Today is the feast day of John Keble (1792-1866), ordained Priest in 1816, tutor at Oxford from 1818 to 1823. He was Professor of Poetry at Oxford from 1831 to 1841, and from 1836 until his death thirty years later he was priest of a small parish in the village of Hursley near Winchester.
Today marks the 134th anniversary of the Assize Sermon that he preached at Oxford. (This sermon marks the opening of a term of the civil and criminal courts, and is officially addressed to the judges and officers of the court, exhorting them to deal justly.) His sermon was called "National Apostasy," and denounced the Nation for turning away from God, and for regarding the Church as a mere institution of society, rather than as the prophetic voice of God, commissioned by Him to warn and instruct the people. The sermon was a nationwide sensation, and is considered to be the beginning of the religious revival known as the Tractarian Movement or as the Oxford Movement. Because the Tractarians emphasized the importance of the ministry and of the sacraments as God-given ordinances, they were suspected by their opponents of Roman Catholic tendencies, and the suspicion was reinforced when some of their leaders did in fact become Roman Catholics. But the movement survived, and has profoundly influenced the religious thinking, practice, and worship of large portions of Christendom. Their insistence, for example, that it was the normal practice for all Christians to receive the sacrament of Holy Communion every Sunday.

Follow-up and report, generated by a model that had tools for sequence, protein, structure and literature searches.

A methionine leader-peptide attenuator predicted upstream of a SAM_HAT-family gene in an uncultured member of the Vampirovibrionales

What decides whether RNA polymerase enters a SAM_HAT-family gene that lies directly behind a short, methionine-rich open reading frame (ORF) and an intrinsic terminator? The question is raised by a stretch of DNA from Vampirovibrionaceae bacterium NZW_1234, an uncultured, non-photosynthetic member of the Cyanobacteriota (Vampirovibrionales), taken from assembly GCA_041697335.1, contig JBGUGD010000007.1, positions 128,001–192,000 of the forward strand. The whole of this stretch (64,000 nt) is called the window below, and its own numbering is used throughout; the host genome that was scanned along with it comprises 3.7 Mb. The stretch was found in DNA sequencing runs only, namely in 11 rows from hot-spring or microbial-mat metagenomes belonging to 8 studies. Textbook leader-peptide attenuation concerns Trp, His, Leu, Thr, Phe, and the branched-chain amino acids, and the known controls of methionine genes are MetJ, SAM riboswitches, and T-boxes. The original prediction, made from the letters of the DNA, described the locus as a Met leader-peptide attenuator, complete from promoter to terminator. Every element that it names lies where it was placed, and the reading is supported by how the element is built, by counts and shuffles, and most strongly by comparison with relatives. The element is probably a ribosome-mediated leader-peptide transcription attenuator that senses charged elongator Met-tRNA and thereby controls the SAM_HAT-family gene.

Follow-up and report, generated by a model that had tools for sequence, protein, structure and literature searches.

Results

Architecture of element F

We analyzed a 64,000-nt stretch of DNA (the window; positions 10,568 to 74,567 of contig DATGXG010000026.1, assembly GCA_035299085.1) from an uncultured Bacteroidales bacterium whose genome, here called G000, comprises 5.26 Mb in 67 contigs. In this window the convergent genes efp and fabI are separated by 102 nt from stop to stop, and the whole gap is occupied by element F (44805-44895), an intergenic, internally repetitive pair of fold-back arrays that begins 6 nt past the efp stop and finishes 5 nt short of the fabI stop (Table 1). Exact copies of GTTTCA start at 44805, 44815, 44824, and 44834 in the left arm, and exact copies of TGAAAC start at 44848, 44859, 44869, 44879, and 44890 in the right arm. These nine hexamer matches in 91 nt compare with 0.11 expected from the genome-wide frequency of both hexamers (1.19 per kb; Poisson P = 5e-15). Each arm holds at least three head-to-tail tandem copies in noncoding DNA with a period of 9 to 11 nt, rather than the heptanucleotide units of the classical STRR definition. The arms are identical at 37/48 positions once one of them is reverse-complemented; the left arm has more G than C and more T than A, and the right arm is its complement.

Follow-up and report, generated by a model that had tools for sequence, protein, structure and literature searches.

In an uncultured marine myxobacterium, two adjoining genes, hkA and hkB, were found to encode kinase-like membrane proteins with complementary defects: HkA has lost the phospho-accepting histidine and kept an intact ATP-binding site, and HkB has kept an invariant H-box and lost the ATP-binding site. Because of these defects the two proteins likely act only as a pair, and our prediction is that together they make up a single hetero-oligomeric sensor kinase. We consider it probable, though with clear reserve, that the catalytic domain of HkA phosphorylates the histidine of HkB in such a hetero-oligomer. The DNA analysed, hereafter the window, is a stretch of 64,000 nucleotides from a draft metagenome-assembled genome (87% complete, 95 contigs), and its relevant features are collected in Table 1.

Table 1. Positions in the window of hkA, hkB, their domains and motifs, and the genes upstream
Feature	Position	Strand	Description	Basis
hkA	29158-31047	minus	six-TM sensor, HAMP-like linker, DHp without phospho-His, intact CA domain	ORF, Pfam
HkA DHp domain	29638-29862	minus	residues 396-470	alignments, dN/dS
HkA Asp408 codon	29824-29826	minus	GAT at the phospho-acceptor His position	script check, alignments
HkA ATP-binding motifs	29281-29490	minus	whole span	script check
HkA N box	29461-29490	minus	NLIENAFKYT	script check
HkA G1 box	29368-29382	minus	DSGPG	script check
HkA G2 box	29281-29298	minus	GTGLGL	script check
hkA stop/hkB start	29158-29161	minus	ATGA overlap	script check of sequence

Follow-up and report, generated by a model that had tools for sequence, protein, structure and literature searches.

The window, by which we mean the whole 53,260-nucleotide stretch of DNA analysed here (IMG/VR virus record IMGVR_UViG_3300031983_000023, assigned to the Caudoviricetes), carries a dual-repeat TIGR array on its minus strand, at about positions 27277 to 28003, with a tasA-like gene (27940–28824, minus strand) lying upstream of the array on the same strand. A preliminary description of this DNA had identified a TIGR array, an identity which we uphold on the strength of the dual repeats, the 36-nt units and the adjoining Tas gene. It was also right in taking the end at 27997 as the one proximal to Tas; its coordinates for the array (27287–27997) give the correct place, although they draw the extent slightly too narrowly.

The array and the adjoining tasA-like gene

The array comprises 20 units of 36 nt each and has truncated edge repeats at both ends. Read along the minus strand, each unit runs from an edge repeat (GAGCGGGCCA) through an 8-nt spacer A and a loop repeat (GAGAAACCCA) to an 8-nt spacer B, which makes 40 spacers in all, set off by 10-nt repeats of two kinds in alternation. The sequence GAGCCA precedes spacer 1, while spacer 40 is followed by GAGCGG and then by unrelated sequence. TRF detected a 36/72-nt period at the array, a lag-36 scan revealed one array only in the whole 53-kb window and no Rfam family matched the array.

Three years after his death, his friends and admirers established Keble College at Oxford.
Today John Keble is remembered for his hymns, but he has always been a champion to me, as I agree with many of his "church views" (it's largely were the term "High Church" or Anglo-Catholic comes from) but ALL of his views calling for kindness and decency in the way we live our lives.
Photos are attached below.
Please see the First Comment for text and notes.